MLB

With playoff hopes gone, Mariners wrap up season against A's

SEATTLE -- Seattle Mariners starter Felix Hernandez hasn't gotten to pitch in many truly meaningful games in his impressive career, having never been to the postseason, and that won't change Sunday afternoon.

A game that looked like it might carry more weight than any of Hernandez's 358 previous starts became painfully, familiarly irrelevant when the Mariners lost to Oakland on Saturday night.

That loss officially eliminated Seattle (86-74) from wild-card contention and led to another meaningless 162nd game of the season.

More from FoxSports

"We'll play hard," disappointed Seattle manager Scott Servais said after Saturday's 9-8 loss to Oakland in a 10-inning classic. "I expect us to win the ballgame. ... We'll give a good effort, no doubt."

But the Mariners are human, so forgive them if it's hard to bounce back from an emotional game that effectively ended Seattle's postseason hopes.

"It was a great run," slugger Nelson Cruz lamented after the loss. "I've played a lot of games (during an 11-year career), and it was an amazing run."

Seattle's final gasp came with two comebacks in the late innings. Cruz delivered a two-run homer that tied the score 7-7 in the seventh, then defensive replacement Ben Gamel came through with an RBI single to tie it again at 8-8 in the eighth.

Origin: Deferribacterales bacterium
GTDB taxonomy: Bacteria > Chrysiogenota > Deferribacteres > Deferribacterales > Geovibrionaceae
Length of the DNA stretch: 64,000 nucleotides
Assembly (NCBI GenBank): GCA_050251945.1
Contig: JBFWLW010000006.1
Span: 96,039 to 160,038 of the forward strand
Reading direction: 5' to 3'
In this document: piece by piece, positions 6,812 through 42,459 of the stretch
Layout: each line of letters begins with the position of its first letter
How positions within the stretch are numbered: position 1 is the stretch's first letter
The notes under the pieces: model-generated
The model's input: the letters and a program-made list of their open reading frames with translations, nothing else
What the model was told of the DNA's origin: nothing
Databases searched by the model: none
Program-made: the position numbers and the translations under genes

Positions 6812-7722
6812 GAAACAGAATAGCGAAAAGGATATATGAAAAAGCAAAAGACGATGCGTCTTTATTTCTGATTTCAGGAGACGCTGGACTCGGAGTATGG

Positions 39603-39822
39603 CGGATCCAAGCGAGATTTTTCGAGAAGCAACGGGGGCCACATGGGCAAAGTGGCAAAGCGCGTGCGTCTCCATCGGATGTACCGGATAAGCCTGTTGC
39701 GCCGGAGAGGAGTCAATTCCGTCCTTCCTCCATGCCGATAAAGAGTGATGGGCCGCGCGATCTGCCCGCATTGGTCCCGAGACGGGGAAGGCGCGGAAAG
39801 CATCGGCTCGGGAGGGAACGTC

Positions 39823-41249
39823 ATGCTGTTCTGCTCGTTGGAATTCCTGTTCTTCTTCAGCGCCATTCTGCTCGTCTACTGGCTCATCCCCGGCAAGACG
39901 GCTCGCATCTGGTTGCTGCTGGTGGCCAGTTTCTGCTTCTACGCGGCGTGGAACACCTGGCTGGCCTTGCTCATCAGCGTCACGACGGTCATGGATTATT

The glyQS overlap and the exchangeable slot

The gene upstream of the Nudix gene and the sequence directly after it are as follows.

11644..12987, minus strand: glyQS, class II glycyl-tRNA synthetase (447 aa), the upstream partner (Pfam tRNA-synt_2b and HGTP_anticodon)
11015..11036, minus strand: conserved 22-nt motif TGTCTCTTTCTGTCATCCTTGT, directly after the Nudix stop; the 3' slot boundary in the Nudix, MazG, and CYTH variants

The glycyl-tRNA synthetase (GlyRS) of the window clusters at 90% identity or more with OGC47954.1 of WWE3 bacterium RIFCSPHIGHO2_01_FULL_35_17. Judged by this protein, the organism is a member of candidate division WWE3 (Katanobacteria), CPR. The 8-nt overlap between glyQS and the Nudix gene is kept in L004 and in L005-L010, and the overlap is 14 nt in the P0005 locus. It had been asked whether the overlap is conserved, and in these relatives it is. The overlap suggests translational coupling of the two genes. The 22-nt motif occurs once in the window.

Only after Oakland's Joey Wendle pushed across the go-ahead run with an RBI double in the top of the 10th and the Mariners stranded Gamel on third base with a game-ending flyout did the never-say-die season take its final breath.

"We did everything we could to extend the season," Servais said afterward.

The dramatic win didn't do anything for Oakland's postseason prospects -- the A's have been out of realistic contention for most of the past few weeks -- but manager Bob Melvin said the way his young team was able to hold off the desperate Mariners was a good sign for the growth of a team in full rebuilding mode.

"This is really going to serve (the players) well in the future, knowing that they can play in this type of atmosphere," Melvin said.

For Hernandez, whose spot in the rotation happened to line up with what may have been a make-or-break game in the season finale, it's just another meaningless October start.

The only time Hernandez has taken the mound this late in the season with chips still on the table came two years ago when he went into the final day of the year with a shot at giving Seattle a playoff berth and dominated for four innings.

After the fourth, word got out that the A's had just finished a playoff-clinching win in another part of the country, leaving Hernandez and the Mariners without any kind of incentive.

Hernandez pitched another inning before coming off to a huge ovation in another lost season.

This time around, he won't have nearly as much adrenaline. Once again, the Mariners are playing for pride.

"Our guys will show up and play," Servais said. "It'll be a little weird. We've played a lot of big games over the past few weeks. We've had four or five times when (reporters) said: 'If you don't win today, you're done. And we won them all."

Until Saturday night.